Author: Adrienne Woods
Publisher: Fire Quill Publishing
Format: eBook – NetGalley
Release Date: September 19th, 2014
Rating: 2 out of 5 Stars
~ Goodreads Synopsis ~
Dragons. Right. Teenage girls don’t believe in fairy tales, and sixteen-year old Elena Watkins was no different.
Until the night a fairy tale killed her father.
Now Elena’s in a new world, and a new school. The cutest guy around may be an evil dragon, a Prince wants Elena’s heart, and a long dead sorcerer may be waking up to kill her. Oh. And the only way Elena’s going to graduate is on the back of a dragon of her own.
Teenage girls don’t believe in fairy tales. Now it’s time for Elena to believe – in herself.
~ ~ ~ ~
Today I am bringing you a review of a book I am excited to talk about – but not for good reasons.
Firebolt is the first book I am reading from NetGalley, so I would like to thank them as well as the publishers for the chance to read this. However, it was so incredibly problematic that it made the story almost unbearable. When I say problematic, I do not mean grammar issues or anything of the sort, but I mean that this book is filled with such harmful tropes that I cannot stand it.
In the beginning I really liked the book, it was alright and I was so interested. The plot sounded great, and it was about dragons and a boarding school in a parallel land, like that is awesome. The execution of this story was just not what it should have been. I feel bad for talking about a book this way because not all books are for everyone and I understand the time and trouble it takes to create a book, but I will explain.
Once our main character, Elena, learns of dragons and Paegeia, she is brought to a school there to learn how to be the dragonian she was born to be. When she arrives, she is so ridiculously boy-crazy, along with all the other girls who have lived there their whole lives. I get it in the first couple chapters – they’re gorgeous dragon boys that she has never seen before – but after so long it was just wayyy too much. It was like every time a boy breathed around her she was thinking “Crap, he’s so hot” *an actual quote from the book.* I began to highlight all the sentences that really blew my gasket, so I shall share some with you:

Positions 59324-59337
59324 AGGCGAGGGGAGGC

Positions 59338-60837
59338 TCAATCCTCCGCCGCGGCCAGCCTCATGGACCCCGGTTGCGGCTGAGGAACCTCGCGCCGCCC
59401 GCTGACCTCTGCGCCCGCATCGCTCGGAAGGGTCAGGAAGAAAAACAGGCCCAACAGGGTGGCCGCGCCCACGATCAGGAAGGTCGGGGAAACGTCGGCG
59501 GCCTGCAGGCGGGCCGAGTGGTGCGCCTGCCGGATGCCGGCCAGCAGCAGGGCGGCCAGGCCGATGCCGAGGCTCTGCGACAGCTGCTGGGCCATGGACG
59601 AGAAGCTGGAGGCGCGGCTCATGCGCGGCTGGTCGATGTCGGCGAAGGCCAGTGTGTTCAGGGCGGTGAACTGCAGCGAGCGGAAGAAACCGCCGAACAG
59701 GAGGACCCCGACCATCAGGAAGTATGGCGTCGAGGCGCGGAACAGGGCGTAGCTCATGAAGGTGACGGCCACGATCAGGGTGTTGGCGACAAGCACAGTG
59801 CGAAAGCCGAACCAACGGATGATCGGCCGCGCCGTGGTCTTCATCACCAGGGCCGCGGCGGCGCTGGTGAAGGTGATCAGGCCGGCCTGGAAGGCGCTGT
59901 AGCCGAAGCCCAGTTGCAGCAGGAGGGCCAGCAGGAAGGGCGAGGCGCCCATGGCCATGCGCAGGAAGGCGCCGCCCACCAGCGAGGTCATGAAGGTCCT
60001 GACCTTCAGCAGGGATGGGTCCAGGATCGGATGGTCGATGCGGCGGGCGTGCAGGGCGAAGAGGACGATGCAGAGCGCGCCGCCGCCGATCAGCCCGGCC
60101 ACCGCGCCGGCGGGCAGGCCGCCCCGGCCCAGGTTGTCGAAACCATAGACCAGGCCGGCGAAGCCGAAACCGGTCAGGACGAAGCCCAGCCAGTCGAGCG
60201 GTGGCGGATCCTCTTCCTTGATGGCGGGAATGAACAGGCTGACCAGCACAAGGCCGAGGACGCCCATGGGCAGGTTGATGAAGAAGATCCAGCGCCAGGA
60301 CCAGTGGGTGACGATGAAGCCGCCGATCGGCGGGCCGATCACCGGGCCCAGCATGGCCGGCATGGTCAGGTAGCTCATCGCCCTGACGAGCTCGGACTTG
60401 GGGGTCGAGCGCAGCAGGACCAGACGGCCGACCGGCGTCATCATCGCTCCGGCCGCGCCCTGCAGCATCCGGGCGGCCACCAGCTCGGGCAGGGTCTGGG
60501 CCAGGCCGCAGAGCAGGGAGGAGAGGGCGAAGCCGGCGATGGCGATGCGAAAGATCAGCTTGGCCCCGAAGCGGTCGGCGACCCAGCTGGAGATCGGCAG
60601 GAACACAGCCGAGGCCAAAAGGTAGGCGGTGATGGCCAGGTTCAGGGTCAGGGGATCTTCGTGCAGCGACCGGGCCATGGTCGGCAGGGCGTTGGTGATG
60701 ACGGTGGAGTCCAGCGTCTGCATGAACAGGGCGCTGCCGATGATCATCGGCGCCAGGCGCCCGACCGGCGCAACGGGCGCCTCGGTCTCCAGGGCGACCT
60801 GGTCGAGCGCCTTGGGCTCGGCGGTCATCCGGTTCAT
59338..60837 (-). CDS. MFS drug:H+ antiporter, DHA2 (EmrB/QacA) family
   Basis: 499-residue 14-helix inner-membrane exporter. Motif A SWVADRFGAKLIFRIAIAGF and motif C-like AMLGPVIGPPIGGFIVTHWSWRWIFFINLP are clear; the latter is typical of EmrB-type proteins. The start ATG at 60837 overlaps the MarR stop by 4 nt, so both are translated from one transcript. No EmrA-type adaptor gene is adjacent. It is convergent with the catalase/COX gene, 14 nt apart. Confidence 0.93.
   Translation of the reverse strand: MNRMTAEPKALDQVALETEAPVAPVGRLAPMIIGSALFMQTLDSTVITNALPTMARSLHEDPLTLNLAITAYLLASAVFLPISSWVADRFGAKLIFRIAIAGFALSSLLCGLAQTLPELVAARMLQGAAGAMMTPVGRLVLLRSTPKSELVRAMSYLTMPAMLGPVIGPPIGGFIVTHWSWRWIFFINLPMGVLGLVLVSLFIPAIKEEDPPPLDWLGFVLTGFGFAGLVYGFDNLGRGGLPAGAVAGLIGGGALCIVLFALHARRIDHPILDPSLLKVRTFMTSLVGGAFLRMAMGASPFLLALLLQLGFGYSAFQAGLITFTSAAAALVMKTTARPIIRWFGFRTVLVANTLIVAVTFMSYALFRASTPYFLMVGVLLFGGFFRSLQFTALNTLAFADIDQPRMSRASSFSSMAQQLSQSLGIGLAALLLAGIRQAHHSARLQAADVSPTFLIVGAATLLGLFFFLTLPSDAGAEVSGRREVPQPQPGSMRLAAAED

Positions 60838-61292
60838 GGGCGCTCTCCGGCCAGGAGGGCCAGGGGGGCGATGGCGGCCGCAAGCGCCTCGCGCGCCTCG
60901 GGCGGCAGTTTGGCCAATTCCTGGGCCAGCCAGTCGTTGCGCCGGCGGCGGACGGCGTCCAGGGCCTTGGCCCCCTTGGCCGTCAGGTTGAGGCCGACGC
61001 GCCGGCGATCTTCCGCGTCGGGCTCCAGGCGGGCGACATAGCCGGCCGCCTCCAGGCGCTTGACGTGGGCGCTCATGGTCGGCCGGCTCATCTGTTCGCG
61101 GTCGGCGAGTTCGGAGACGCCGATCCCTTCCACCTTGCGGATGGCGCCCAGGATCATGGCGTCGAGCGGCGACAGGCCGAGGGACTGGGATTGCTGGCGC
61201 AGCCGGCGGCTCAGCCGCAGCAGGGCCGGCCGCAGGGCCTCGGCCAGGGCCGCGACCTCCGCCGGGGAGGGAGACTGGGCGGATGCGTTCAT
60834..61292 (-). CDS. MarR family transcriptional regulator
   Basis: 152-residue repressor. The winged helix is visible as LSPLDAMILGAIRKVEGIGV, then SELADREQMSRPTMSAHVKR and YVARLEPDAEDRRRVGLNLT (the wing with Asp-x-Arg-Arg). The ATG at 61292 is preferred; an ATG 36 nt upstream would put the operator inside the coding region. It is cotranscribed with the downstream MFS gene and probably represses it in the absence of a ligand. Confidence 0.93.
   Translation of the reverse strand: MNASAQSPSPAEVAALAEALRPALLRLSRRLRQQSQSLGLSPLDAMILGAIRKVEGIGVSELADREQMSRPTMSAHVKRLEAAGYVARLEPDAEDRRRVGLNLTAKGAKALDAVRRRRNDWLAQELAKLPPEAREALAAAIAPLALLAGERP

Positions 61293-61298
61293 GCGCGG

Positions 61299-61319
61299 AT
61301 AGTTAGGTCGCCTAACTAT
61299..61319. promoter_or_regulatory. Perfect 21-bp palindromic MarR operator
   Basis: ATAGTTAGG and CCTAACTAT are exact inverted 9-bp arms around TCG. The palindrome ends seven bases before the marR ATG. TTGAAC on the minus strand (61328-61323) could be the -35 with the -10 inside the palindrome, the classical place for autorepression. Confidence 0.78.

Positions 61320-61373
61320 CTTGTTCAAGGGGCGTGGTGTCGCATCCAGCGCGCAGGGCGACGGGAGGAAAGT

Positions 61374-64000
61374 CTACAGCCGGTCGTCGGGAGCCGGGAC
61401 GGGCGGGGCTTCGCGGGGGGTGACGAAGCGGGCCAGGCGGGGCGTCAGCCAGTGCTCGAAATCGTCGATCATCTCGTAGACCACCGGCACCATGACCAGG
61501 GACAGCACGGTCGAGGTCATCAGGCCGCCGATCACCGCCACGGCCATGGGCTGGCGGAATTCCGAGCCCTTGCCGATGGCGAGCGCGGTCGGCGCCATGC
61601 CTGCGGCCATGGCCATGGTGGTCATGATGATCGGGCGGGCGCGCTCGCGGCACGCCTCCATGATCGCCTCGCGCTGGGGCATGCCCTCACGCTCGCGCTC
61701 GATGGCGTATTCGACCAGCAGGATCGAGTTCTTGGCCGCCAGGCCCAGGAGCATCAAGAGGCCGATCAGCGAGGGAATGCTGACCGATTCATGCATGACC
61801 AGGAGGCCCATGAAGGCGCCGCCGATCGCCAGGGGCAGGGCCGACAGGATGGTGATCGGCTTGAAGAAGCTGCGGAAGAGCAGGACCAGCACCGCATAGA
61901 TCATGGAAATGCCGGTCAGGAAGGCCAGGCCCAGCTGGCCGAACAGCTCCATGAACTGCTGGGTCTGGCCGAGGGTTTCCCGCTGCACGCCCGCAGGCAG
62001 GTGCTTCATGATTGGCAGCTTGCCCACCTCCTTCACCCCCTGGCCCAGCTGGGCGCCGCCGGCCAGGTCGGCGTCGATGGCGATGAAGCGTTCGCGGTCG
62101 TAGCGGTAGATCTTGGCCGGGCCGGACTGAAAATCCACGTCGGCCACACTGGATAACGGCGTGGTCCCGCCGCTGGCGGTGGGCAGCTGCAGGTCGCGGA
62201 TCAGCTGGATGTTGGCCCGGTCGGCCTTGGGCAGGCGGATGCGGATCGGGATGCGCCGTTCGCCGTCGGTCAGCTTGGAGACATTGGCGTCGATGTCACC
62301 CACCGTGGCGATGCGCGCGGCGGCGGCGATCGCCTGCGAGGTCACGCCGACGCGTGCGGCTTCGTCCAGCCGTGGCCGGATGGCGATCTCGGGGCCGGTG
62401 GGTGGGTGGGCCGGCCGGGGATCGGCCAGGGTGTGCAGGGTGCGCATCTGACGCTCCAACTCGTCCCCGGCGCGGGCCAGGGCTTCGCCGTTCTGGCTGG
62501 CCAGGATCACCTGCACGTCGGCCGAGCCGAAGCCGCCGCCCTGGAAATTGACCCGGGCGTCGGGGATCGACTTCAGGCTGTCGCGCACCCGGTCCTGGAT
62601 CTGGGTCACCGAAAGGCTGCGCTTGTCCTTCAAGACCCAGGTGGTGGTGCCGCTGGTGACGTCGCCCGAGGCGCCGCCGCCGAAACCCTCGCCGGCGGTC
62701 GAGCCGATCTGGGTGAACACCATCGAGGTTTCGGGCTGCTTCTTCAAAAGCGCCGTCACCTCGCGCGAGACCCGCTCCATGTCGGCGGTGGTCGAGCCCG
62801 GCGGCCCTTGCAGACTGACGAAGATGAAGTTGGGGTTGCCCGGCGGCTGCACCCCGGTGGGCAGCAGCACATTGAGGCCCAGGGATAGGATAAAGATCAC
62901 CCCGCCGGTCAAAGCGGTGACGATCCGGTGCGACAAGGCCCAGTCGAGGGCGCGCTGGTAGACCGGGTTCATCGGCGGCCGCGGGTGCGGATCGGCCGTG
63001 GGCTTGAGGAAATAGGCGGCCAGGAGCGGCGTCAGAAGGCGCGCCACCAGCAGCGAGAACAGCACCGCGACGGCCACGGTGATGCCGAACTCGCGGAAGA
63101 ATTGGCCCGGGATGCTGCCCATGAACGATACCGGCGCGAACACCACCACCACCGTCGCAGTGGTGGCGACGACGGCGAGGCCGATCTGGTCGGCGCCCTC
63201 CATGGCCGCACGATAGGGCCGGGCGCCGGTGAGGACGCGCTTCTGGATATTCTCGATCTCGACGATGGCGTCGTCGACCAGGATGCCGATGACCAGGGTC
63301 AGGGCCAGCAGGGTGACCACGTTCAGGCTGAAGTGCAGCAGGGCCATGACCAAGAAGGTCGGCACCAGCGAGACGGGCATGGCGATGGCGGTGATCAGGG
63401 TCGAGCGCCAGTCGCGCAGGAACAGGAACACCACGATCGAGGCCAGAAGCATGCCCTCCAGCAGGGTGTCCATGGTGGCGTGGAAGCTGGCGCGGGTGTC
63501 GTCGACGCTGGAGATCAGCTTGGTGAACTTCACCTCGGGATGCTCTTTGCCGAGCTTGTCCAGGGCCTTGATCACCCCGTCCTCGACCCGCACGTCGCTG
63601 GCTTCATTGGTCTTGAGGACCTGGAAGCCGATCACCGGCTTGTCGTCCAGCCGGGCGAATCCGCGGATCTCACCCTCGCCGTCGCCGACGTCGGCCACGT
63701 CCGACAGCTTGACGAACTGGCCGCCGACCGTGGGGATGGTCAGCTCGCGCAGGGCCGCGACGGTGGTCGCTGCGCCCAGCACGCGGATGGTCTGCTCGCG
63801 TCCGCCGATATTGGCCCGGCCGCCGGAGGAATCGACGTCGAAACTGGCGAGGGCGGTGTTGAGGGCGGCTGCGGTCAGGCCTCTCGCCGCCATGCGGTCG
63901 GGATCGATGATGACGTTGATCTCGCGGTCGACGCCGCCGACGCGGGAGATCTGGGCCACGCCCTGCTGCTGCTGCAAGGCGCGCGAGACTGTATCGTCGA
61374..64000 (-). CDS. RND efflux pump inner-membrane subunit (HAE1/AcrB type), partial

“I just didn’t like my flat ass. I wanted it to be plumper.”
Do I even need to explain what is wrong with this quote? Elena was trying on dresses and thought this of herself. For young girls reading this book, this is just enforcing body images. Authors are supposed to make lessons for readers, not projections of harmful expectations.
“Some even threatened her about what they’d do if she claimed George.”
The author never failed to pit girls against each other in this book, either. Every time one the three main girls even looked at one of the boys, the girls would threatened the three and glare at them. Don’t even get me started on Arianna.
“Hot flushes washed over my body as I struggled to keep my eyes off of him. I wondered how I’d ended up with a guy like him.”
And we’re back with the low self-esteem trope that is far too common in YA and again, does not send a good image to young readers. And we’re also back with the boy-crazed main character.
“an urge to start painting again developed inside my gut. I used to be good at it…”
Ok, this one is random, and it’s not a trope, but, this is the one and only time, I believe, that Elena’s painting is referenced in this book, and it made me a little confused.
“Which made him blush with a super cute smile.”
Show, don’t tell please. Another common thing in this book.
“He wasn’t oriental, as I imagined he would be…”
His name was Cheng. And, as if the book isn’t already diverse, the author had to point out the fact that the book was not diverse.
“his upper lip curling up. it made him look extra hot, and I could hear a couple of girls nearby sighing.”
Please tell me why every single girl in Paegeia is annoyingly boy-crazed, while the guys are relatively unphased by the girls and actually do well in everything.
“You’re just a girl who knows nothing. You’ll never understand.”
This book was written by a girl, right? I understand that the sexist theme is powerful, but only when the girls actually do something to show they are strong and not held down by misogyny. Here, Elena does absolutely nothing, and it was her own boyfriend that said this to her.
Ok, so I’m done with the quotes, but those are the ones that bothered me the most from Firebolt. In all, I have to say I was very disappointed. I actually skimmed through the last few pages just because I was so uninterested by that point, and those are supposed to be the most exciting pages.
The tropes of this book entirely ruined the story for me, and I really wanted to like it. The characters were also super one-dimensional, and just symbolized all the “classic” characters of a teenage drama. And, can we not forget Elena’s cringy catchphrase (the worst I have ever read), “for the love of blueberries.” What blueberries?!
For me, a two-star rating was a little generous. If I weren’t reading this for a review on NetGalley, I would not have finished it.
Let me know what you thought of the book if you read it, or just rant with me in the comments about books with similar tropes.
Thank you for reading!